| SALMON, Idaho
SALMON, Idaho A Canada lynx has been documented in Idaho for the first time in over 15 years when the imperiled cat was inadvertently caught in a foot-hold trap in the Salmon-Challis National Forest, state wildlife officials said on Tuesday.
"It's a very rare occurrence," Tom Keegan, regional manager with the Idaho Department of Fish and Game, said about the incidental capture last week of the high-elevation, forest-dwelling cat.
He said a man walking his dogs spotted the lynx on Thursday in the rugged mountains of east central Idaho in a legal trap set for bobcat and notified state wildlife officials. They released the animal unharmed.
The last lynx confirmed in the 4.3 million-acre forest surrounding Salmon was in 1991, when one was accidentally trapped. The cats were documented elsewhere in Idaho during the 1995-1996 trapping season, after which trapping lynx was outlawed.
Lynx were designated in 2000 as threatened under the U.S. Endangered Species in the lower 48 states, where they roam the high country from Maine to Washington and south through the Rocky Mountains.
The animals have long legs and large, well-furred paws, making them highly adapted for hunting in deep snow for preferred prey like snowshoe hares, according to the U.S. Fish and Wildlife Service.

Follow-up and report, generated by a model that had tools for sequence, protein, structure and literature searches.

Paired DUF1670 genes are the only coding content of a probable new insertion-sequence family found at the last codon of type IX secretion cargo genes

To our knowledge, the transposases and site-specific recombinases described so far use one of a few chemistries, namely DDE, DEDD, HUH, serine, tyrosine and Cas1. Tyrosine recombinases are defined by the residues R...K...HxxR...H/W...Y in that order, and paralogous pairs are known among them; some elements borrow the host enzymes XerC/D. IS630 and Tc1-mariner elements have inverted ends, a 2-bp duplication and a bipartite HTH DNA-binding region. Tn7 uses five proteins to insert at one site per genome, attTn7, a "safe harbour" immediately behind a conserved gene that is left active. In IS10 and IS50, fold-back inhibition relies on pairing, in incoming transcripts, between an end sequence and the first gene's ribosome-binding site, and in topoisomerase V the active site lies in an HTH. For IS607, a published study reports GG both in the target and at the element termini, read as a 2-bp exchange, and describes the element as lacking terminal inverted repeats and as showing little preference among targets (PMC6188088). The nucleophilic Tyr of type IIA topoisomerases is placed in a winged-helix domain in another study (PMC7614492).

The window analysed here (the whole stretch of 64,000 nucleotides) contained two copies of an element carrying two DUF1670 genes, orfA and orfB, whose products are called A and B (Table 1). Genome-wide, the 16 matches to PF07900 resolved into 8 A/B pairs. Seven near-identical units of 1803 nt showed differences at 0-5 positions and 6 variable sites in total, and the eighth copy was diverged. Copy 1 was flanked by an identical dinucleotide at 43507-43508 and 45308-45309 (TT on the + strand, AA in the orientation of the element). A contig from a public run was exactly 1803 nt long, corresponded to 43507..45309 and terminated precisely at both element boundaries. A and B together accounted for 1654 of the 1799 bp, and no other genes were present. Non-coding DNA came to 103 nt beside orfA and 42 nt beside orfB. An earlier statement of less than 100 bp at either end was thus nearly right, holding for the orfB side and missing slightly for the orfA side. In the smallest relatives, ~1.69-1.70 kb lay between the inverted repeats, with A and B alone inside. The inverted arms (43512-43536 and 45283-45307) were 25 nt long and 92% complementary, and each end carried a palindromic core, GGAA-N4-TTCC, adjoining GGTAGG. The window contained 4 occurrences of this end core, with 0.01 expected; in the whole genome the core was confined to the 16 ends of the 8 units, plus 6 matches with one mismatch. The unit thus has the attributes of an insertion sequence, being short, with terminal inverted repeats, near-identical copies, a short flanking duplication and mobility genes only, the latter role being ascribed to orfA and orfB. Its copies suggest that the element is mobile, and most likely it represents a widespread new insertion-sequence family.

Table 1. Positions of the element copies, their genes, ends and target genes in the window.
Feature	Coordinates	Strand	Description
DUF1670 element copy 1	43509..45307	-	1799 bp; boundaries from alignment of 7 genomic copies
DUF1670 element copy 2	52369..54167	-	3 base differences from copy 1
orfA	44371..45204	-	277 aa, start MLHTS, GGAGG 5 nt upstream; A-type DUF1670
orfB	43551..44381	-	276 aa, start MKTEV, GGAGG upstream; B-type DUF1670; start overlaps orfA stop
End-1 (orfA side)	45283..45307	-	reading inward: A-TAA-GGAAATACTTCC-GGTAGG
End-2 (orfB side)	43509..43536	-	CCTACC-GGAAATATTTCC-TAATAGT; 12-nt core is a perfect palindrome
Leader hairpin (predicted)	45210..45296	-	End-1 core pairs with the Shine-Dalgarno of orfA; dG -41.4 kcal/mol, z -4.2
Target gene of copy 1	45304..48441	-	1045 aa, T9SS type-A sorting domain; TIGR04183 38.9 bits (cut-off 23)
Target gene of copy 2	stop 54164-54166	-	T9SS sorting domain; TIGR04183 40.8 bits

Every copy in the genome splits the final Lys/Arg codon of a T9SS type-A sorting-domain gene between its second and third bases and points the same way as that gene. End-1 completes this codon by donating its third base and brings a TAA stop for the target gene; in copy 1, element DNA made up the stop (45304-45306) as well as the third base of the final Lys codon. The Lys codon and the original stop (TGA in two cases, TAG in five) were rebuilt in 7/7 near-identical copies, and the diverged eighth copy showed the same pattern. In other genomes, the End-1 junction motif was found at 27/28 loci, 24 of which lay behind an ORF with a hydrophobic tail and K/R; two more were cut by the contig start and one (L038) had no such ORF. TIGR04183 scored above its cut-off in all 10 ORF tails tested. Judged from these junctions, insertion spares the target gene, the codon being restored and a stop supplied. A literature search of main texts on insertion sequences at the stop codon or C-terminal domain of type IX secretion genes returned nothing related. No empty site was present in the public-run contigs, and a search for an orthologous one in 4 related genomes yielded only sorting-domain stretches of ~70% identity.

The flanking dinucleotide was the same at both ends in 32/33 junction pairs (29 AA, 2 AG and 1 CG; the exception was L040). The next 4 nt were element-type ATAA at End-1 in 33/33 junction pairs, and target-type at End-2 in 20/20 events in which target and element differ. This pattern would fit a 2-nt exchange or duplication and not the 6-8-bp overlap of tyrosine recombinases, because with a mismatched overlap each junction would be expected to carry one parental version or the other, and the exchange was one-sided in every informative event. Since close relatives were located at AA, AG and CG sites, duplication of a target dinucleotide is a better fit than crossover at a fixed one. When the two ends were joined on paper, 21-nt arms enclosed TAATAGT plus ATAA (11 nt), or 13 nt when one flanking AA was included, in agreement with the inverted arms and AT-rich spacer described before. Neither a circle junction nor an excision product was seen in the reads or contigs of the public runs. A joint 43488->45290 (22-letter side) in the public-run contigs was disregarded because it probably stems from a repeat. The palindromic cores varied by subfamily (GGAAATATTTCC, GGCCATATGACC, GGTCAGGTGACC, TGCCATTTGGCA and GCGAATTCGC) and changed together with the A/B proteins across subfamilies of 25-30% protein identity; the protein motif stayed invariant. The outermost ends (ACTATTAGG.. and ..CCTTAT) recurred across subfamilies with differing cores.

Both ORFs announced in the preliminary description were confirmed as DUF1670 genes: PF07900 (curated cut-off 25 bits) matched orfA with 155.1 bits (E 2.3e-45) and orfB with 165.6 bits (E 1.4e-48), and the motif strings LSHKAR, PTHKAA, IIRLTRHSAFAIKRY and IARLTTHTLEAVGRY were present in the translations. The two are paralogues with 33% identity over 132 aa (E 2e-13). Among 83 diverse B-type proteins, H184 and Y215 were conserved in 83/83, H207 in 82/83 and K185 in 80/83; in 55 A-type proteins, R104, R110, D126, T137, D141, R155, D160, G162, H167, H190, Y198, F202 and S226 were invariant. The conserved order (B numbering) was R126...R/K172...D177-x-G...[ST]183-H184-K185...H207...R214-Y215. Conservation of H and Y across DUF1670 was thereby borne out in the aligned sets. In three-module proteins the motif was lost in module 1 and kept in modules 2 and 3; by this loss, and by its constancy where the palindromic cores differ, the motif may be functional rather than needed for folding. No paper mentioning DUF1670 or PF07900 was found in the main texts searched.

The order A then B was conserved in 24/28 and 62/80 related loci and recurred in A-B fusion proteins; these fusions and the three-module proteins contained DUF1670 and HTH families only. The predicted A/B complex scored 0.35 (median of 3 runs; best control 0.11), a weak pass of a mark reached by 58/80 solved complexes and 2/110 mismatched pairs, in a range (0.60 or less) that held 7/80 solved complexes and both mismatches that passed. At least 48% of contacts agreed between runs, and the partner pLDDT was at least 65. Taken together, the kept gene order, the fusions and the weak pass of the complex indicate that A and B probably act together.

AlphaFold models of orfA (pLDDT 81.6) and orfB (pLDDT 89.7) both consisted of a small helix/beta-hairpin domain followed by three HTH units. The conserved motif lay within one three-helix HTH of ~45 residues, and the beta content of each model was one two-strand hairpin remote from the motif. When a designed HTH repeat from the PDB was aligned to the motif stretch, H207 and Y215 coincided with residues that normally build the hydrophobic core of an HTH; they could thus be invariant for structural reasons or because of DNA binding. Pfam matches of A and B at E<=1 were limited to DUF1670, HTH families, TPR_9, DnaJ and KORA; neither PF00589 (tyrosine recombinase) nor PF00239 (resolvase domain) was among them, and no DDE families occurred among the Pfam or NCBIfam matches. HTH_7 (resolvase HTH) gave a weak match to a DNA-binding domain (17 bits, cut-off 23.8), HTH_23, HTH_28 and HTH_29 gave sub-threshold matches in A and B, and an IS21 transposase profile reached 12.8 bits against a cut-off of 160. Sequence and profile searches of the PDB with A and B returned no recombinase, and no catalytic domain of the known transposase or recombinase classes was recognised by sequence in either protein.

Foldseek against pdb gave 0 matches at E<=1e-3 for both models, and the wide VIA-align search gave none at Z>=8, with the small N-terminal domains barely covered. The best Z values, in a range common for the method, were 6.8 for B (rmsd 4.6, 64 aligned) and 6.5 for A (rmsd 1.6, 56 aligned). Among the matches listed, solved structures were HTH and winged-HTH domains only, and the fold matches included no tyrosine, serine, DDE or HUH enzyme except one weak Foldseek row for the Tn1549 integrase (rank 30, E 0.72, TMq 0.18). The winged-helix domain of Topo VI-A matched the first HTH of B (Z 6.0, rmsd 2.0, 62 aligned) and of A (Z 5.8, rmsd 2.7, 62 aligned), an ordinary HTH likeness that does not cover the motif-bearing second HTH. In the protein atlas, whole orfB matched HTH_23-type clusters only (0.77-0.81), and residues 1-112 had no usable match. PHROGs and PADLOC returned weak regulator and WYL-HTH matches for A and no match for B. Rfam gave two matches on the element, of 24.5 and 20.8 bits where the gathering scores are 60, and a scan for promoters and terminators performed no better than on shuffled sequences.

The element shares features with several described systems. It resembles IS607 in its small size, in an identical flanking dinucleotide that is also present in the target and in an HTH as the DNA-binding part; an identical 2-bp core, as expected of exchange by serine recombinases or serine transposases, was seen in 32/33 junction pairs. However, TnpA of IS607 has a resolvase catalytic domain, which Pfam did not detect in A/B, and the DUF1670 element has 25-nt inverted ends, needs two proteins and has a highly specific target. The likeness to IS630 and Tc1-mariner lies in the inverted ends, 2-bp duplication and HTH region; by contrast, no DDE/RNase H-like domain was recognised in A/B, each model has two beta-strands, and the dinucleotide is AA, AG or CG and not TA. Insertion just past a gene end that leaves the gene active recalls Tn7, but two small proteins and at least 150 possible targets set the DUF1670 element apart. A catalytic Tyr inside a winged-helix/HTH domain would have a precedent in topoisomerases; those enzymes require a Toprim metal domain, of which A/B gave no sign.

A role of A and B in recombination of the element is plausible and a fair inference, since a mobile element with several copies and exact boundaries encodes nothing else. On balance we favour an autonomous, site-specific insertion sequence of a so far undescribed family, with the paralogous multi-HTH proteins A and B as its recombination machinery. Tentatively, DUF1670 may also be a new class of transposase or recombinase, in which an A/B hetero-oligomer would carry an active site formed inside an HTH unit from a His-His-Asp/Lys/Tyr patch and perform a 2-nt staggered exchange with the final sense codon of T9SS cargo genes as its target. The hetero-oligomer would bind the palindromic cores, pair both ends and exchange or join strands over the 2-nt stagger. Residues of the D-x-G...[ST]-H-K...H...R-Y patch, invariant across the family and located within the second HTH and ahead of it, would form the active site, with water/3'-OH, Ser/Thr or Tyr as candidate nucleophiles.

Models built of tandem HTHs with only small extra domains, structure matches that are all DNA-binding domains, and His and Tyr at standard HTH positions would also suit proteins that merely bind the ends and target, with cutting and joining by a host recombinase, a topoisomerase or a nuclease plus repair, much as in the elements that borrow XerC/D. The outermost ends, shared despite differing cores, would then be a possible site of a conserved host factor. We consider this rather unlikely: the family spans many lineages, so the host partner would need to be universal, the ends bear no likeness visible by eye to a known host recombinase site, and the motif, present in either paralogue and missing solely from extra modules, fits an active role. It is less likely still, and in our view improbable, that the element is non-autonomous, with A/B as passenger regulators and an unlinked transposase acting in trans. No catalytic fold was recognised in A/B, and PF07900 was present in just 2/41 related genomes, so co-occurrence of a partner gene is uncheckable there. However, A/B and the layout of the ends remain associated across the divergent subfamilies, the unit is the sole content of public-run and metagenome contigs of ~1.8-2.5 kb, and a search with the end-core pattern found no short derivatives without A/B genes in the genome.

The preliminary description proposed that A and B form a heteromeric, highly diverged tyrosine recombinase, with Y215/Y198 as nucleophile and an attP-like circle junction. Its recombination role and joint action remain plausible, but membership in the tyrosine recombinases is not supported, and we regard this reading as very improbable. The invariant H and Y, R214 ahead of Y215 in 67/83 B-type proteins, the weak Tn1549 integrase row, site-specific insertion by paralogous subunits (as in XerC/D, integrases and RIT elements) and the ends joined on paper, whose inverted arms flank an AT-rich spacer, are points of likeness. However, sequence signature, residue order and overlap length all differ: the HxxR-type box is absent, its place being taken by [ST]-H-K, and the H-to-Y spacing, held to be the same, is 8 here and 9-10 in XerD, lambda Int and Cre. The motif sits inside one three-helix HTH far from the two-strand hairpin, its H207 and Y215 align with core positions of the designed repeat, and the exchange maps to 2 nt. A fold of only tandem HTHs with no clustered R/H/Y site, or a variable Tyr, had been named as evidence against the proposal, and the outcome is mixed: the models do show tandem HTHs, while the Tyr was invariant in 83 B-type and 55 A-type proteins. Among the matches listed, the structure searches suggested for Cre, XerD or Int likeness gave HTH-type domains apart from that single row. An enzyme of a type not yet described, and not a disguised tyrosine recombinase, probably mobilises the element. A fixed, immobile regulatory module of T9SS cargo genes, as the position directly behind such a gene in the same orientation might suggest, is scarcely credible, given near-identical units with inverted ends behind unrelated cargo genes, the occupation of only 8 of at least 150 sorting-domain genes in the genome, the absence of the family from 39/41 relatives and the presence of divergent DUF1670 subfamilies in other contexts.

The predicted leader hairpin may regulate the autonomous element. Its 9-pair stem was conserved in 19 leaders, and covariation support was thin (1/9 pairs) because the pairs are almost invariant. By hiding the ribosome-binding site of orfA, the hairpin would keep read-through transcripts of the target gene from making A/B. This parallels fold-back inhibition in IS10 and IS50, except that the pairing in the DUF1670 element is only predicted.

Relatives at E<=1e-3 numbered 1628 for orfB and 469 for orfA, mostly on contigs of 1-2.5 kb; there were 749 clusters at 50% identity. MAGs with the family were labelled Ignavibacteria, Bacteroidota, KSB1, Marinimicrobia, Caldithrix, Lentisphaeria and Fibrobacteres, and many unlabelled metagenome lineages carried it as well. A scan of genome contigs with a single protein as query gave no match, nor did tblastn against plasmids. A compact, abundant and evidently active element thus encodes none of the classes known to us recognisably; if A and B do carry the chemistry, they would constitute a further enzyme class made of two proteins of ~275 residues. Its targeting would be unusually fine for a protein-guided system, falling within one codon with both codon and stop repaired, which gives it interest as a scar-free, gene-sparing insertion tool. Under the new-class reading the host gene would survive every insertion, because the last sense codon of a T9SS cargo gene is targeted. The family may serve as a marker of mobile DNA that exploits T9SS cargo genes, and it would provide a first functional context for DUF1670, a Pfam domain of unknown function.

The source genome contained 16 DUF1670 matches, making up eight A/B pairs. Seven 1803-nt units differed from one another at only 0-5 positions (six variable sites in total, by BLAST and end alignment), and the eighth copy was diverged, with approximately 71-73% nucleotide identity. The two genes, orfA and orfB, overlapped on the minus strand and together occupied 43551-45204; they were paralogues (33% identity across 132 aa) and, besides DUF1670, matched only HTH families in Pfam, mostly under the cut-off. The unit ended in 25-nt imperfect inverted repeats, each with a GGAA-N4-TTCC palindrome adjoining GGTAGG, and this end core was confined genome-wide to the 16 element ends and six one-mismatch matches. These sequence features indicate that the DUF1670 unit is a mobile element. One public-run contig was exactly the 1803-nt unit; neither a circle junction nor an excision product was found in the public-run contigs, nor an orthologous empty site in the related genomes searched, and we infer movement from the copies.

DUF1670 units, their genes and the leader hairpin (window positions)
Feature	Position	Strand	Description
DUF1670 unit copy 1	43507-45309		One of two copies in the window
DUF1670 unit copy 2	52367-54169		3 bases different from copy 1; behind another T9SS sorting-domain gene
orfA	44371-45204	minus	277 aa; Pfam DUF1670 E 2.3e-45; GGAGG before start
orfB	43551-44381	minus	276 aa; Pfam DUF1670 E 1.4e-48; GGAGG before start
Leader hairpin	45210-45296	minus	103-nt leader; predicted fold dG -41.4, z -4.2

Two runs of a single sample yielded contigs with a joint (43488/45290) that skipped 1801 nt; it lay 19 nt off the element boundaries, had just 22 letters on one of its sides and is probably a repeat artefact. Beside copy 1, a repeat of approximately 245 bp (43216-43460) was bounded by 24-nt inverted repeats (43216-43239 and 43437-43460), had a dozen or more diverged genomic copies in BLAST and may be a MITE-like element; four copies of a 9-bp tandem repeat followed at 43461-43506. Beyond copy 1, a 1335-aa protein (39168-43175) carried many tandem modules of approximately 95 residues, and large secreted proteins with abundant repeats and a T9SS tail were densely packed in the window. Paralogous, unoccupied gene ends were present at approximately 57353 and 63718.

Lynx are infrequently sighted. Biologists mostly rely on tracks and scat to document the reclusive animal's presence.
Fewer than 100 lynx are believed to roam the mid- and high-elevation forests of Idaho, where they are classified as a "species of greatest conservation need."
Just 40 lynx have been recorded in east central Idaho since the late 1800s, according to Fish and Game.
A DNA sample collected from the recently captured cat will be analyzed to verify it is a wild lynx and to gain knowledge about its possible origins, Keegan said.
Like wolverines and other elusive forest carnivores, lynx can travel long distances, even hundreds of miles, he said.
Keegan said it was too early to say whether the lynx found in the Salmon-Challis forest was a sign of the animal's return to its historic range or if it was a random event.
"There's all kinds of speculation. It may be a transient animal or a resident animal," he said.
(Editing by Dan Whitcomb and Cynthia Johnston)